There is no better time for a church to shine than when the world and its system is in crisis. Crisis exposes who we really are by our reaction to it. It also provides an opportunity for radical change; for times of crisis are typically the only times radical change is considered. This makes this event a prime time for a church to be a catalyst for people to turn to God as their hope.
What I want to lay out here are some of the ideas my church has had for adjusting to this never-seen-before-in-our-lifetimes crisis. Of course, this list is not exhaustive or anything. I’m sure churches everywhere are doing amazingly creative things. It’s just our ideas for how we can shine brighter than usual.
My church is made up of 2 networked house churches (that are a part of a bigger global network) with a total of 20 families in it. Although this situation is a different challenge for all of us, we’ve seen the advantages of doing church as a family (as we do) spring to life even further during this time.
Here are some of the things we’ve been thinking about…
Pay closer attention to health and wellness
Educate ourselves on the virus and how it spreads.
As Frank Viola put it recently…”Faith isn’t opposed to knowledge. It’s opposed to sight. It’s not opposed to wisdom. It’s opposed to worry. I believe in God’s protection. But I also wear a seat belt.”
In response to what the experts are saying and recommending, we’ve decided to break our church down further into little micro-groups of 3 or 4 families. We figured these micro-groups help us follow the social distancing recommendations not to be in large gatherings while providing balance with continued fellowship and support for each other.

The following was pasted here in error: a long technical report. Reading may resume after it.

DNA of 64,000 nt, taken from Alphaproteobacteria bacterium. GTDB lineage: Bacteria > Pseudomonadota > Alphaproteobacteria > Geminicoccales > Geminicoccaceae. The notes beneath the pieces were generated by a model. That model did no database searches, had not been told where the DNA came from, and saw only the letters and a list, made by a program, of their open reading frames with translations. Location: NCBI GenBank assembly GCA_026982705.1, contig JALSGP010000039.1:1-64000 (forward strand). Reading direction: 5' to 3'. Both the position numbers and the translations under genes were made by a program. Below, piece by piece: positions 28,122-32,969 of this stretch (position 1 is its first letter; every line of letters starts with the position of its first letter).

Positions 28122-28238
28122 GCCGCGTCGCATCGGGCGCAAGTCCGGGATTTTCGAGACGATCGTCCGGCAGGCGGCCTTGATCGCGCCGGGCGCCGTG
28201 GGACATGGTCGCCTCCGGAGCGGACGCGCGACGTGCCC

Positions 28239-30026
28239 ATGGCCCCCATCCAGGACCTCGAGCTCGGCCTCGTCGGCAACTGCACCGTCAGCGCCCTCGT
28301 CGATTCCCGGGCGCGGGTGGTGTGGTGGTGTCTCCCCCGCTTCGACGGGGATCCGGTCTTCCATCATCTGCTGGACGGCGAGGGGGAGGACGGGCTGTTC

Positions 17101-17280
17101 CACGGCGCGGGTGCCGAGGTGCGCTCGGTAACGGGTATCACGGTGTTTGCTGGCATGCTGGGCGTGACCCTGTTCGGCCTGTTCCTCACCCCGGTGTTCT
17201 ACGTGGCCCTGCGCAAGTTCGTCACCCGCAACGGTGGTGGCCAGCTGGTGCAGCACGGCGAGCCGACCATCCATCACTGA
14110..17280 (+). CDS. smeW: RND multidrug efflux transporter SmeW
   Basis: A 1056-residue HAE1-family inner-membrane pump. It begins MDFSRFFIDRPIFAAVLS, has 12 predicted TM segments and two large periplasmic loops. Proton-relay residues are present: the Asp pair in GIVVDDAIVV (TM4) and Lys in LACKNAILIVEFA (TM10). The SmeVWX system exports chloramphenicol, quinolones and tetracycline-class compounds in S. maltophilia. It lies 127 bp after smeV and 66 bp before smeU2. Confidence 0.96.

Avoid depression and loneliness.
For some (especially introverts), the temptation to isolate may be there because the normal structure of church interaction isn’t supplied in a predictable schedule.
So with the formation of these micro-groups, we’re focusing on being intentional about regular interaction. This has required discussion, brainstorming and planning around when we’ll get together and what we’ll be doing. Without doing this, we figured days would likely go by quickly and the effects of increased isolation would kick in.
Also, we’re encouraging people to be honest with each other about their feelings and how they’re coping. We won’t know how and when to help each other if we don’t know what each other is going through.
Overall, our plan is for each micro-group to make it a point to be interacting with each other on an almost (if not) daily basis, at least virtually through phone or video. Each little touchpoint helps those who are more prone to depression.
Support a strong immune system.
This is always a good idea, but we’d like to use this opportunity to pay even more attention to how we take care of our bodies. We figure it will help to make a commitment to follow a stricter plan and schedule, especially for those who’s immune systems may not be as strong.
It’s wise to avoid “fake” food that has been processed like sugar, dairy, carbs, etc. My naturopath’s guidelines are only to eat things that “grow or had feet.” This is a difficult task, so you may have to ease into it a bit.
Also, up your time spent doing exercise. Exercise at least 5 days a week for at least 30 minutes at a time.
A Kingdom principle is that God requires human bodies to accomplish his will on earth as it is in heaven. This is a principle He will not violate. We cannot optimally serve the Kingdom if we’re sick and tired all the time. Therefore, we need to take responsibility to protect and care for those bodies.
Develop closer-knit relationships
We’re attempting to include each other more in regular activities. Our micro-groups can be together a little more often than usual since we have so much downtime and we’re not seeing as many people. We’re trying not to feel like each get-together needs to take up an entire day or evening. You can just have dinner together and go your separate ways. Consistency is just as important as longevity.